uThreads is a concurrent library based on cooperative scheduling of user-level threads(fibers) implemented in C++. User-level threads are lightweight threads that execute on top of kernel threads to provide concurrency as well as parallelism. Kernel threads are necessary to utilize processors, but they come with the following drawbacks:
- Each suspend/resume operation involves a kernel context switch
- Thread preemption causes additional overhead
- Thread priorities and advanced scheduling causes additional overhead
Cooperative user-level threads, on the other hand, provide light weight context switches and omit the additional overhead of preemption and kernel scheduling. Most Operating Systems only support a 1:1 thread mapping (1 user-level thread to 1 kernel-level thread), where multiple kernel threads execute at the same time to utilize multiple cores and provide parallelism. e.g., Linux supports only 1:1 thread mapping. There is also N:1 thread mapping, where multiple user-level threads can be mapped to a single kernel-level thread. The kernel thread is not aware of the user-level threads existence. For example, Facebook’s folly::fiber, libmill, and libtask use N:1 mapping. Having N:1 mapping means if the application blocks at the kernel level, all user-level threads are blocked and application cannot move forward. One way to address this is to only block on user level, hence, blocking user-level threads. This setting works very well with IO bound applications, however, if a user thread requires using a CPU for a while, it can block other user threads and the task is better to be executed asynchronously on another core to prevent this from happening. In order to avoid this problem, user threads can be mapped to multiple kernel-level threads. Thus, creating the third scenario with M:N or hybrid mapping. e.g., go and uC++ use M:N mapping.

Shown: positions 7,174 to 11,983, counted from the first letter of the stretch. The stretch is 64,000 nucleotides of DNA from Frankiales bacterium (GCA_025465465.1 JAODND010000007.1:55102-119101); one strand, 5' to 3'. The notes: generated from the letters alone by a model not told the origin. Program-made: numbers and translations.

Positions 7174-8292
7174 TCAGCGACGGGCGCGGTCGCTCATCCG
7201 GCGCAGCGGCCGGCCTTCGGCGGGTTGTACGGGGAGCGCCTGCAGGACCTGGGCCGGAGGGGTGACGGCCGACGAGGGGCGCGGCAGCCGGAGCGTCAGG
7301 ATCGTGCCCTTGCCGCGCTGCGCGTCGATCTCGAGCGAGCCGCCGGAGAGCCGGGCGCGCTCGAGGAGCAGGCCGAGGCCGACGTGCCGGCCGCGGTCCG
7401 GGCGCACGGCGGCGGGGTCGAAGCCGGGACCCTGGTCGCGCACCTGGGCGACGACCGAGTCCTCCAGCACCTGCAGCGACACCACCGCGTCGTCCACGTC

uThreads supports M:N mapping of uThreads (user-level threads) over kThreads (kernel-level threads) with cooperative scheduling. kThreads can be grouped together by Clusters, and uThreads can migrate among Clusters. Figure 1 shows the structure of an application implemented using uThreads using a single ReadyQueue Scheduler. You can find the documentation here http://samanbarghi.github.io/uThreads.
Figure 1: uThreads Architecture